Growth hormone, also known as somatotropin, is a protein of about 190 amino acids that is synthesized and secreted by cells called somatotrophs in the anterior pituitary. It is a major participant in control of several complex physiologic processes, including growth and metabolism. It is also of considerable interest as a drug used in both humans and animals.
A critical concept in understanding human growth hormone, hgh, activity is that it has two distinct types of effects:
Direct effects are the result of human growth hormone (HGH) binding its receptor on target cells. Fat cells (adipocytes), for example, have human growth hormone receptors, and HGH stimulates them to break down triglyceride and supresses their ability to take up and accumulate circulating lipids.
Indirect effects are mediated primarily by a
insulin-like growth factor-1 (IGF-1), secreted from
the liver and other tissues in response to HGH. A majority
of the cell promoting effects is actually due to
IGF-1 acting on its target cells.
Keeping this distinction in mind, we can discuss two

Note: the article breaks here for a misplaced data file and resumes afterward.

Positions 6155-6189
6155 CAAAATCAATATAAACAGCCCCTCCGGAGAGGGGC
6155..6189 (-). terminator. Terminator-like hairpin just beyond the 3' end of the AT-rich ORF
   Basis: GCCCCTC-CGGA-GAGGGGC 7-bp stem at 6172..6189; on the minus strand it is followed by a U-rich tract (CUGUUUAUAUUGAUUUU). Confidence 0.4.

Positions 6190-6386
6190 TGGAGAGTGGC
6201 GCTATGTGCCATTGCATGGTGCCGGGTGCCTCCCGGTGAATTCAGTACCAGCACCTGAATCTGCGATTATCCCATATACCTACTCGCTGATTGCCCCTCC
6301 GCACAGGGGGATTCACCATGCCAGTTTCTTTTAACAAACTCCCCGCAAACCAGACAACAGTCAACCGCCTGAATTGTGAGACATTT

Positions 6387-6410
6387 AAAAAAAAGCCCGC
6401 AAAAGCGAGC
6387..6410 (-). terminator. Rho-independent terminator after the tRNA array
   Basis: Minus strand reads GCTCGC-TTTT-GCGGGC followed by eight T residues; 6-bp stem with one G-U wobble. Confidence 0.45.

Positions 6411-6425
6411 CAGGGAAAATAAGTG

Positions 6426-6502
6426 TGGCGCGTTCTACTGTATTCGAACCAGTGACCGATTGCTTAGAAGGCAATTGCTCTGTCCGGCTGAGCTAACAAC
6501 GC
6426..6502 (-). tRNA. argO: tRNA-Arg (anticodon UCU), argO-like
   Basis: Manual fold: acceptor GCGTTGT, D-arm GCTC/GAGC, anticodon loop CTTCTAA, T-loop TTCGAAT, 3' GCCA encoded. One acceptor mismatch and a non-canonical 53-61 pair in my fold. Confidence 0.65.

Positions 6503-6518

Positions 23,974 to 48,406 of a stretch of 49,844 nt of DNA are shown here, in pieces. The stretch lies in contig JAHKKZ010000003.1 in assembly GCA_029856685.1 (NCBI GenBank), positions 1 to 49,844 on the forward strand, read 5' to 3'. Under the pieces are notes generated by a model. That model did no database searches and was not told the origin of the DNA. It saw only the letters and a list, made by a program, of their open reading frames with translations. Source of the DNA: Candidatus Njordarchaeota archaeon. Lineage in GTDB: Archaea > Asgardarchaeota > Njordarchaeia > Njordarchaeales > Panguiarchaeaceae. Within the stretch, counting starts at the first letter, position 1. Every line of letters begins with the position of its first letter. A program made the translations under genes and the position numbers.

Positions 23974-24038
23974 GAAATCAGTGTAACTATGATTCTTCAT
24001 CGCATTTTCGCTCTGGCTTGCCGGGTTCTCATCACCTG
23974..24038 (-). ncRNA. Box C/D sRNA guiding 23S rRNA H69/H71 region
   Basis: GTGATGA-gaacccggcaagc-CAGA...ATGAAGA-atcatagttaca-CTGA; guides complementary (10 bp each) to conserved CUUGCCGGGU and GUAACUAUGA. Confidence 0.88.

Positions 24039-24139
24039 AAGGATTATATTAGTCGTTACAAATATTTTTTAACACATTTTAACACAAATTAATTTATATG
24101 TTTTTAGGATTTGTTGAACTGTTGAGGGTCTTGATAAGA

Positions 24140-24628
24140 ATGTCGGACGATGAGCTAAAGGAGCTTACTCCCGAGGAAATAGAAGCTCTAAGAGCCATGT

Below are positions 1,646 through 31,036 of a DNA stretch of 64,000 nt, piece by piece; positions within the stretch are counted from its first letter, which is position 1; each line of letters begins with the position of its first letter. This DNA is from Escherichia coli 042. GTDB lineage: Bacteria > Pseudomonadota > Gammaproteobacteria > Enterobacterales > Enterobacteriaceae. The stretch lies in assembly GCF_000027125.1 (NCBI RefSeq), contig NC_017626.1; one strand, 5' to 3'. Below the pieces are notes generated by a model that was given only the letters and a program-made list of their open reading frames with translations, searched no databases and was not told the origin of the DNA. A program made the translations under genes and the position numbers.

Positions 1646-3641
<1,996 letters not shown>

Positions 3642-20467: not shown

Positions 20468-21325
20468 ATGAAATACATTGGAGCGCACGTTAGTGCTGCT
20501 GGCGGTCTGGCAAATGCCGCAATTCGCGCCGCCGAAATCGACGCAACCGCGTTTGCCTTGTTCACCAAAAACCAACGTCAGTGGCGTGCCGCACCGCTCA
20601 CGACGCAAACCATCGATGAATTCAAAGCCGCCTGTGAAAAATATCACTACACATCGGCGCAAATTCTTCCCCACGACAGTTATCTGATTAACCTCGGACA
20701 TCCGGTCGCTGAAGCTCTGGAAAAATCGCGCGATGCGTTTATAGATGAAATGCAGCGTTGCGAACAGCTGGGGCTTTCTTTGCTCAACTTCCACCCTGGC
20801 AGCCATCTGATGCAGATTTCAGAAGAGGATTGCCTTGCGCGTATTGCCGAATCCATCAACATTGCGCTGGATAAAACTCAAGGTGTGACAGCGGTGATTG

major roles of HGH and its minion IGF-1 in physiology.
Effects on Height
This is a very complex process, and requires the coordinated action of several hormones. The major role in gaining height is to stimulate the liver and other tissues to secrete IGF-1. IGF-1 stimulates proliferation of chondrocytes (cartilage cells), resulting in bone development. Human Growth hormone does seem to have a direct effect on bone development in stimulating differentiation of chondrocytes.
IGF-1 also appears to be the key player in muscle development. It stimulates both the differentiation and proliferation of myoblasts. It also stimulates amino acid uptake and protein synthesis in muscle and other tissues.
HGH has important effects on protein, lipid and carbohydrate metabolism. In some cases, a direct effect has been clearly demonstrated, in others, IGF-1 is thought to be the critical mediator, and some cases it appears that both direct and indirect effects are at play.
Protein metabolism: In general, human growth hormone stimulates protein anabolism in many tissues. This effect reflects increased amino acid uptake, increased protein synthesis and decreased oxidation of proteins.
Fat metabolism: HGH enhances the utilization of fat by stimulating triglyceride breakdown and oxidation in adipocytes.